A county commissioner in Carroll County, Md., disobeyed a judge's recent injunction on Thursday when she opened an official budget meeting with a sectarian prayer, saying she'd rather go to jail than give up her First Amendment rights to freedom of religion.
Carroll County Commissioner Robin Bartlett Frazier opened Thursday's budget meeting by referencing the recent injunction granted by U.S. District Judge William D. Quarles Jr., who earlier this week ruled that Carroll County commissioners are prohibited from using "the name of a specific deity associated with any specific faith or belief" during pre-meeting prayers. Quarles said in his ruling that the commission may now only say non-sectarian prayers.
The injunction was granted as several Carroll County residents, along with the American Humanist Association, proceed with a civil lawsuit against the county for its pre-meeting sectarian prayers, arguing that they are official "government speech" and therefore a violation of the Constitution's Establishment Clause.
Commissioner Frazier opened Thursday's meeting with a prayer she said was originally from U.S. President George Washington. Frazier, growing visibly emotional during her statement, said she'd rather go to jail than give up her First Amendment rights.
"I think that [the ruling] is an infringement on my First Amendment rights of free speech and free religion, and I think it's a wrong ruling," Frazier said. "I believe this is a fundamental of America and if we cease to believe that our rights come from God, we cease to be America.
"We've been told to be careful. But we're going to be careful all the way to communism if we don't start standing up and saying 'no.'"
"This might be a good opportunity to demonstrate how our Founding Fathers, and leaders all throughout our history, have upheld the idea that we are a nation based on biblical principles," Frazier continued. "We're one nation under God, and I believe that's where our inalienable rights come from."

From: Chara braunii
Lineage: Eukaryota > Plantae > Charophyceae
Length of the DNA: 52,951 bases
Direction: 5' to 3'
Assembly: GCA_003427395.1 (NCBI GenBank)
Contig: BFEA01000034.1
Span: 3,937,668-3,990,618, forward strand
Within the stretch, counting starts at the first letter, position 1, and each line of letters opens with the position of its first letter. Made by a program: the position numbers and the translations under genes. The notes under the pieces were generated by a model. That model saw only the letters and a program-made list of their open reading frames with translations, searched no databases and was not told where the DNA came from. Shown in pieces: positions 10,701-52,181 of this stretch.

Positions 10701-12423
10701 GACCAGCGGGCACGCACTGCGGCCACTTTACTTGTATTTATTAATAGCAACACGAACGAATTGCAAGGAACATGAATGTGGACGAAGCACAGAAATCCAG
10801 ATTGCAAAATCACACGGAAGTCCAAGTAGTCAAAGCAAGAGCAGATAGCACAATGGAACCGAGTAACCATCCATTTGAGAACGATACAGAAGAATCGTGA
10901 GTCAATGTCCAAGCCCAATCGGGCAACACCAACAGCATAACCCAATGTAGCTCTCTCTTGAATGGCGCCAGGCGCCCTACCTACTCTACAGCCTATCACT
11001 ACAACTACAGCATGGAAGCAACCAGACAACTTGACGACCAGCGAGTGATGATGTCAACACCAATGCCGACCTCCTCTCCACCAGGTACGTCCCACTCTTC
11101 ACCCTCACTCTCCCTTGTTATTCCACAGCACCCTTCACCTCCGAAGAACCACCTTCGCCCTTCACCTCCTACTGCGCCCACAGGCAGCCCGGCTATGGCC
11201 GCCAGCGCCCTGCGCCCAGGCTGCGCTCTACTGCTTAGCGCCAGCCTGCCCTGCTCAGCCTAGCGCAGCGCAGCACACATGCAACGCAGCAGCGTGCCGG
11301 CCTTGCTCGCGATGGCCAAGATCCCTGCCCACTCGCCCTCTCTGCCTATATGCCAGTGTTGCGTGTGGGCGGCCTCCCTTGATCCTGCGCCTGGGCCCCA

The county commissioner then proceeded to recite a prayer she said came from former U.S. President George Washington that invokes "Jesus Christ," "Our Lord, our God," and "merciful Father," among other religious references. William M. Ferraro, an associate editor of Washington's papers at the University of Virginia, told The Baltimore Sun Thursday that the prayer came from a book of prayers attributed to Washington from 1919, but there is no evidence that Washington actually wrote the prayer.
The American Humanist Association said it would not seek contempt charges against Frazier for violating Quarles' injunction "in the hopes that [Thursday's] behavior was simply an emotional outburst made without the benefit of serious consideration of the rights of plaintiffs and others."
"We appreciate the commissioners' individual religious freedom, and encourage them to worship as they wish in their homes and in their churches," Monica Miller, one of the lawyers representing Carroll County residents in the case, said in a statement. "We simply ask that they refrain from using the apparatus of government as a platform for their personal, sectarian religious views."
"Of course, it's entirely possible that the commissioner wishes to become a public martyr of sorts for Christianity, a celebrity upon whom religious sympathizers can bestow admiration and encouragement. If that's the case, and if she therefore ignores both the court and this warning, she will no doubt get her wish."
Board President Commissioner Dave Roush released a statement later on Thursday, following Frazier's prayer, that said the commissioners do respect Quarles' ruling, although they do not agree with it. "As constitutional officers of this county, while we disagree with the current 4th Circuit case law, we do respect the judge's position in our American legal system. As commissioners who represent every citizen of Carroll County, we continue to respect the various faiths or non-faiths of all Carroll residents."
Roush referenced the government prayer case currently before the U.S. Supreme Court, Greece v. Galloway, where residents of Greece, N.Y., are contesting their city council's references to "Jesus Christ" before legislative meetings. Roush said Quarles' temporary injunction could be overturned if the Supreme Court sides with the county. A decision is expected before June.